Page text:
East Lothian Council’s budget plans were today approved by Elected Members.

The council is dealing with multiple spending pressures at a time of unprecedented population growth, new policy obligations, inflationary costs and increased demand for services.

While East Lothian is one of Scotland’s fastest growing areas, the council spends much more on providing local services than it receives in council tax, which provides around a quarter of the money required. For example, the council currently spends around £4,300 for every child in primary education and around £6,200 for every child in secondary education. The council spends £133 per household a year on waste and disposal services. In 2019/20, a Band D household will pay £1,242.48p in council tax – an increase of just over £1 per week.

The majority of the council’s budget comprises funding from central government. While the council has been given a one-year settlement by the Scottish Government, the council sets multi-year budgets to maintain strong financial planning.

A paper presented to Elected Members at today’s council meeting noted that, following the Scottish Government budget process, the expected revenue support grant for the council in 2019/20 would now be £169.087m, which equates to a reduction of £0.198m. When adjusted to reflect funding for new policy obligations on the council - including investment in the expansion of childcare, health and social care integration, implementation of the Barclay Review and Carers Act – this equates to an effective reduction in core revenue funding of just under £2.5 million (1.5%).

Key points agreed in this year’s budget include:

  • Investment in new, improved or expanded local schools and infrastructure, with a near £300 million programme of capital investment over five years. This investment is funded by a combination of government grants, capital receipts, developer contributions and borrowing that must be paid for/serviced through the revenue account. There will be a £37.5 million investment over five years in the county’s roads.
  • A £170 million investment over five years in council housing, including significant expenditure on new homes and the modernisation or extension of others.
  • Council tax will increase by 4.79% in 2019/20, with indicative council tax increases of 3% in 2020/21 and 2021/22.
  • Rent for tenants living in council properties will increase by 5%. Rents in East Lothian will remain among the lowest in Scotland and support investment in new council housing as described above.
  • The council will draw on £3 million of its reserves to help set a balanced budget in 2019/20.
  • The council will continue to develop its transformational change programme, introducing further innovation, new ways of working and helping to reduce expenditure and/or increase income. Some service reviews will take place to support new and efficient ways of working and look at options for service re-design, helping to reduce costs.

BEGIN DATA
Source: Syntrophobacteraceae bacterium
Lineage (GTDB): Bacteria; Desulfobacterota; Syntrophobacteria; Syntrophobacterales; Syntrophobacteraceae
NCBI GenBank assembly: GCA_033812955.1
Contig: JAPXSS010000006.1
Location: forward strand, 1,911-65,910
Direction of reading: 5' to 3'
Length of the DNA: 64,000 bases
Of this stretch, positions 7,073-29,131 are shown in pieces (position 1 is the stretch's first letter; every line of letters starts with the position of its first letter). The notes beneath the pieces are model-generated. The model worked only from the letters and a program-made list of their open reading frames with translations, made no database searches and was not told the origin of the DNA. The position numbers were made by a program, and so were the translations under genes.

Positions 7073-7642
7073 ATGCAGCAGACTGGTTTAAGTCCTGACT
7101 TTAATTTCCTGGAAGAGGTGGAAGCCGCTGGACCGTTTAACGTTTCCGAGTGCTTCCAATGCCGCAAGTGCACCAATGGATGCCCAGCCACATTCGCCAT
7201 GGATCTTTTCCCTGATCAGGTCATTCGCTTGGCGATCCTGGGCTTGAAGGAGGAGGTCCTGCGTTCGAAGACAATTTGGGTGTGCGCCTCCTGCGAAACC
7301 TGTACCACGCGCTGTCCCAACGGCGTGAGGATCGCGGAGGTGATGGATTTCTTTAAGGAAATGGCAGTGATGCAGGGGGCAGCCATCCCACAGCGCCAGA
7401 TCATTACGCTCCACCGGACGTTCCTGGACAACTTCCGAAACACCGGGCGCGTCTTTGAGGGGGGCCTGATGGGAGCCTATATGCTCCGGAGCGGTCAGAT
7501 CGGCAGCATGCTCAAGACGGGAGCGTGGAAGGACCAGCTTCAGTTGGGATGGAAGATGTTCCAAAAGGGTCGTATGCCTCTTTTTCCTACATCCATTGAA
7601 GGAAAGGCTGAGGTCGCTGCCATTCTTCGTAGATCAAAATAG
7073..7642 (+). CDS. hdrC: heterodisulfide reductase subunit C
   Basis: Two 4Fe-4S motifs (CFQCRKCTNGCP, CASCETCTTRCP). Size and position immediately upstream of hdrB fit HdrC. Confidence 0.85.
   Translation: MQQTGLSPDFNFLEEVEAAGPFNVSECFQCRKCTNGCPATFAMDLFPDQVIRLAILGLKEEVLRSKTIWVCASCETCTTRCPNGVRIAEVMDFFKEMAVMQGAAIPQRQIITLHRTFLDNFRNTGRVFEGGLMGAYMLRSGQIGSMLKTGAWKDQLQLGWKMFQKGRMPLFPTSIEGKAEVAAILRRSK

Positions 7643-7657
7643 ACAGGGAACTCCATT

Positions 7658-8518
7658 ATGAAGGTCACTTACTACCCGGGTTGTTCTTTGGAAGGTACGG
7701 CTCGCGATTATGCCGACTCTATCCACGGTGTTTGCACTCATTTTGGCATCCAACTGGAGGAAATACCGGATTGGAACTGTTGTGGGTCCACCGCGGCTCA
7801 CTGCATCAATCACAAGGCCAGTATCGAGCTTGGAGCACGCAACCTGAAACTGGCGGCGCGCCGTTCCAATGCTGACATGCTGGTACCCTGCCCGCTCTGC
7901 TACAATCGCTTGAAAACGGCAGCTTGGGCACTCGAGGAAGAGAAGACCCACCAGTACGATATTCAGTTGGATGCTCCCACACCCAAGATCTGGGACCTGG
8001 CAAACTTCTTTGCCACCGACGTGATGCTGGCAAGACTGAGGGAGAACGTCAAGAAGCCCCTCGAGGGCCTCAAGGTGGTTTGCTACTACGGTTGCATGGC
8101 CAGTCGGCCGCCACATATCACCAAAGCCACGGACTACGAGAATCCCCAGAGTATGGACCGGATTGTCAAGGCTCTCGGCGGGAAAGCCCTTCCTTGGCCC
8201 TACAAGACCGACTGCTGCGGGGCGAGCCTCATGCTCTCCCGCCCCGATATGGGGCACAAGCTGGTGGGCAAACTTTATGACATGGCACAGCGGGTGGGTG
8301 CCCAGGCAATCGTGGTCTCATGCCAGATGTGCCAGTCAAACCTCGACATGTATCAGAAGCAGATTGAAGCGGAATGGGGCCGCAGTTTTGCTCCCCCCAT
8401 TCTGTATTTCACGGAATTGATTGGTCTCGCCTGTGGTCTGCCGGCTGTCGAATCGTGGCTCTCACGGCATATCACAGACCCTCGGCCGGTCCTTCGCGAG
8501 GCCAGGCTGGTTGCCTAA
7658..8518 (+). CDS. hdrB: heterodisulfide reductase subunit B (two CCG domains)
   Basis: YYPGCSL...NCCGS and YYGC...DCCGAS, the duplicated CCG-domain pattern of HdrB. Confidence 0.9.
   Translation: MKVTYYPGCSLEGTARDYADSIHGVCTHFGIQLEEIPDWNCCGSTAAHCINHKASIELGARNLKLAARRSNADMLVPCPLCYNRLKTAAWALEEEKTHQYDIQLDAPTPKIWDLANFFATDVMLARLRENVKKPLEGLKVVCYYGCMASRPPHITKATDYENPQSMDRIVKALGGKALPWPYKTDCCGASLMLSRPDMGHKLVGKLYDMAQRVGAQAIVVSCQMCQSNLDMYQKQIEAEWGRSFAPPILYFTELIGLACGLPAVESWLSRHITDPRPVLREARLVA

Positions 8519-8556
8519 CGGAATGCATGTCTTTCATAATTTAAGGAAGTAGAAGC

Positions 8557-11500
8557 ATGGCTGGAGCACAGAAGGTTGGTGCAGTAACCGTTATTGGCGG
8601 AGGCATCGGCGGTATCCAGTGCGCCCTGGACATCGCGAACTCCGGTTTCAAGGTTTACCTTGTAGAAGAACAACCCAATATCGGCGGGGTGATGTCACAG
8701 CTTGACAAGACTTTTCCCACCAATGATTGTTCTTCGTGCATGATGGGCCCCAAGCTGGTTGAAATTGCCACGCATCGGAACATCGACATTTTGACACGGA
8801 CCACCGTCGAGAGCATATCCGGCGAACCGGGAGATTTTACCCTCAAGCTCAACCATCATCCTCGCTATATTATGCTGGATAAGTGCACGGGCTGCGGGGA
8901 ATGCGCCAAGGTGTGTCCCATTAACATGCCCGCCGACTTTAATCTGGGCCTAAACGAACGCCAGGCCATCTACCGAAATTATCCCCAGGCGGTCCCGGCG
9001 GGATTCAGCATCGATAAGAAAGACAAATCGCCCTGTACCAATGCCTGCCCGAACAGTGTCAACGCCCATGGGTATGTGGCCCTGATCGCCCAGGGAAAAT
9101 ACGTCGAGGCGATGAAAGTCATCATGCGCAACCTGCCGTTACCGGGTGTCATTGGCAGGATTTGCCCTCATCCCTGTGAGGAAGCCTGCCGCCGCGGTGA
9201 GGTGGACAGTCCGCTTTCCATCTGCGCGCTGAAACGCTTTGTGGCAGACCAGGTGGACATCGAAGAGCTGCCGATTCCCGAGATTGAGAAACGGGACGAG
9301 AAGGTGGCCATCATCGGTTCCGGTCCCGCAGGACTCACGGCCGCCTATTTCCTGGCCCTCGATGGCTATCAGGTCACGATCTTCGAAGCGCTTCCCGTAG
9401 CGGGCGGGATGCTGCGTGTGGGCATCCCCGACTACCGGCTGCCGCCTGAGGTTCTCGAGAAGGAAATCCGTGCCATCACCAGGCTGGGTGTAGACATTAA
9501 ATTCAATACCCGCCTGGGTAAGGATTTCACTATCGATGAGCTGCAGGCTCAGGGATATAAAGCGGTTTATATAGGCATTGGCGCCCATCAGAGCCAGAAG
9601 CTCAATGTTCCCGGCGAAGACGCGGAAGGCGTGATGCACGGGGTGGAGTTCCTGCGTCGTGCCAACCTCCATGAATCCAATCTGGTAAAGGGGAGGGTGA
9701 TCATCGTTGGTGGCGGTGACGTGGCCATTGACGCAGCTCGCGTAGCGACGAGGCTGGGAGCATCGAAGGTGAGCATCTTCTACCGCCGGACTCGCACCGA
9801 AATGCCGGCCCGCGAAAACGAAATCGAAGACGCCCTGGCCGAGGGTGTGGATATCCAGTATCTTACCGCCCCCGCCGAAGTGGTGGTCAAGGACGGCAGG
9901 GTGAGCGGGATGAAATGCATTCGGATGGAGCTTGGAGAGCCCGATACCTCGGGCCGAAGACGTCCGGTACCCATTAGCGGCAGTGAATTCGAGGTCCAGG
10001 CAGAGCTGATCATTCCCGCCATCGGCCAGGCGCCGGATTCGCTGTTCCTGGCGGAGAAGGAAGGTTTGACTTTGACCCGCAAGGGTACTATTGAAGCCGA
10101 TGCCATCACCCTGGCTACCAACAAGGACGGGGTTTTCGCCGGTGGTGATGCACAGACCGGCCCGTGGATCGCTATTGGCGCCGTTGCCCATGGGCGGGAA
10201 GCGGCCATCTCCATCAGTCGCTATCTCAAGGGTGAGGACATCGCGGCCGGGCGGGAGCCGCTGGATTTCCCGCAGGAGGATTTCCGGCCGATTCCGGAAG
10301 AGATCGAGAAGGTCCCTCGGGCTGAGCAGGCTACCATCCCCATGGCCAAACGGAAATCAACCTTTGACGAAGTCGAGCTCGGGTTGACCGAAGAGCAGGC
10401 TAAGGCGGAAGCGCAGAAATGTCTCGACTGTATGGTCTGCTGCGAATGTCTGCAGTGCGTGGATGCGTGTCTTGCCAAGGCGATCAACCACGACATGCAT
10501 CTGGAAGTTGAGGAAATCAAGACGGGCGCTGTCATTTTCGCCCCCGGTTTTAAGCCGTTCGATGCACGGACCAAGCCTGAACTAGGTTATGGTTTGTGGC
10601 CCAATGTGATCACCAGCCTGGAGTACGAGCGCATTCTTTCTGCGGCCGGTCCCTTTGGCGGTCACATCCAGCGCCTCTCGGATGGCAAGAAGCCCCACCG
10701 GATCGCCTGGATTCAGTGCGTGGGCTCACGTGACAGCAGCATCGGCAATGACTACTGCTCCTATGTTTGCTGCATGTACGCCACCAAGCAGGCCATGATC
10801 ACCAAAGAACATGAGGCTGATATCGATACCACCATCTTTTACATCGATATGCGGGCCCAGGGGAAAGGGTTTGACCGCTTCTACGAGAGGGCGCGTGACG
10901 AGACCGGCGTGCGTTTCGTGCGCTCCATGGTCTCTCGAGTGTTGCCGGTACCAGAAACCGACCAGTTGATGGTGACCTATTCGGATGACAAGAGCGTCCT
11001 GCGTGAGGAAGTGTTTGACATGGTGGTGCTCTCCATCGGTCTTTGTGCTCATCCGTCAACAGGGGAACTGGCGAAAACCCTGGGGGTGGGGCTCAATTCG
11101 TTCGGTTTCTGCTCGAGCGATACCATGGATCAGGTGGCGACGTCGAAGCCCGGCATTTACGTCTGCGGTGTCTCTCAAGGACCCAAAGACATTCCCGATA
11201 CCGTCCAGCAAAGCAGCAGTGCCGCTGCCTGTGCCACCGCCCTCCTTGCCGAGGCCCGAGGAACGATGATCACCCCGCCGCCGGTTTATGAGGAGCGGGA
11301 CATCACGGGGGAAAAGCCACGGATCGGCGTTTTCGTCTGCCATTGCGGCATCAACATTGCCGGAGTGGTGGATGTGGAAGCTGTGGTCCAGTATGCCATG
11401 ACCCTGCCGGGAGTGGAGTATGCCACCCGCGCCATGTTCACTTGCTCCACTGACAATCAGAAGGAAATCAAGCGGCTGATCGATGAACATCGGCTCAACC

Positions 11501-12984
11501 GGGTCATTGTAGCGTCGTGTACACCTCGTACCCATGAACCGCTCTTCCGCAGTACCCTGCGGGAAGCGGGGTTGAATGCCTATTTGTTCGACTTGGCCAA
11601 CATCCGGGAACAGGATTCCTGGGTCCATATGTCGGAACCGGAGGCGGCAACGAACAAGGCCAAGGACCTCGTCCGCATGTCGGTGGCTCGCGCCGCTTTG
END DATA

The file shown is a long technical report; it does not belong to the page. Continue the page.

Take a look at the  Council Tax & Spending leaflet which is produced annually and provides information about Council Tax and Business Rates charges for the forthcoming financial year.

Council Leader Willie Innes said:

“While this has been another very challenging budget process, East Lothian Council continues to focus on the importance of delivering our priorities – including investment in new and improved council housing, schools, local facilities and local infrastructure. Our spending plans are geared towards enhancing communities, helping children achieve their potential and supporting vulnerable people.

“Despite an adjustment to next year’s funding package for councils - as a result of the Scottish Government’s approved budget - the reality is that we are experiencing another real terms fall in the overall amount of funding available to us.

“With rising costs and additional national policy obligations, we face an increasingly challenging financial climate in Scotland’s fastest growing council area.

“We have decided to increase council tax by 4.79% - the maximum allowed – in 2019/20, and with indicative 3% increases in subsequent years. This means that, between 2008/09 (when a council tax freeze was introduced) and 2021/22, there will have been an average annual council tax increase in East Lothian of 1.2%. Council tax provides less than a quarter of the money we need to run local services and so such increases only help us to bridge the funding gap.

“This means we do need to reduce costs, continue to be innovative and develop our approach to transformation – such as increased digitisation of services, helping us to be more efficient and improve the experience of services for local residents.

“As evidenced by last year’s Best Value Report from the Accounts Commission, East Lothian Council has a strong track record of building on improvements to services while challenging ourselves to be increasingly efficient and innovative. Our valued staff in communities across East Lothian continue to have a key role to play in delivering high-quality local services, as we ensure our structures and working practices are as efficient and effective as possible. 

“And we will continue to work with communities to ensure local people are empowered and enabled in helping to play their part in realising our vision for East Lothian – for example giving communities the opportunity to run some local community buildings.

“In doing so, and in the face of these significant financial pressures, the council can maintain its focus on continuous improvement, provide the highest possible standard of service to local communities and deliver on our priorities - helping to build the more prosperous, safe and sustainable East Lothian we all want to see.”

Published: Tuesday, 12th February 2019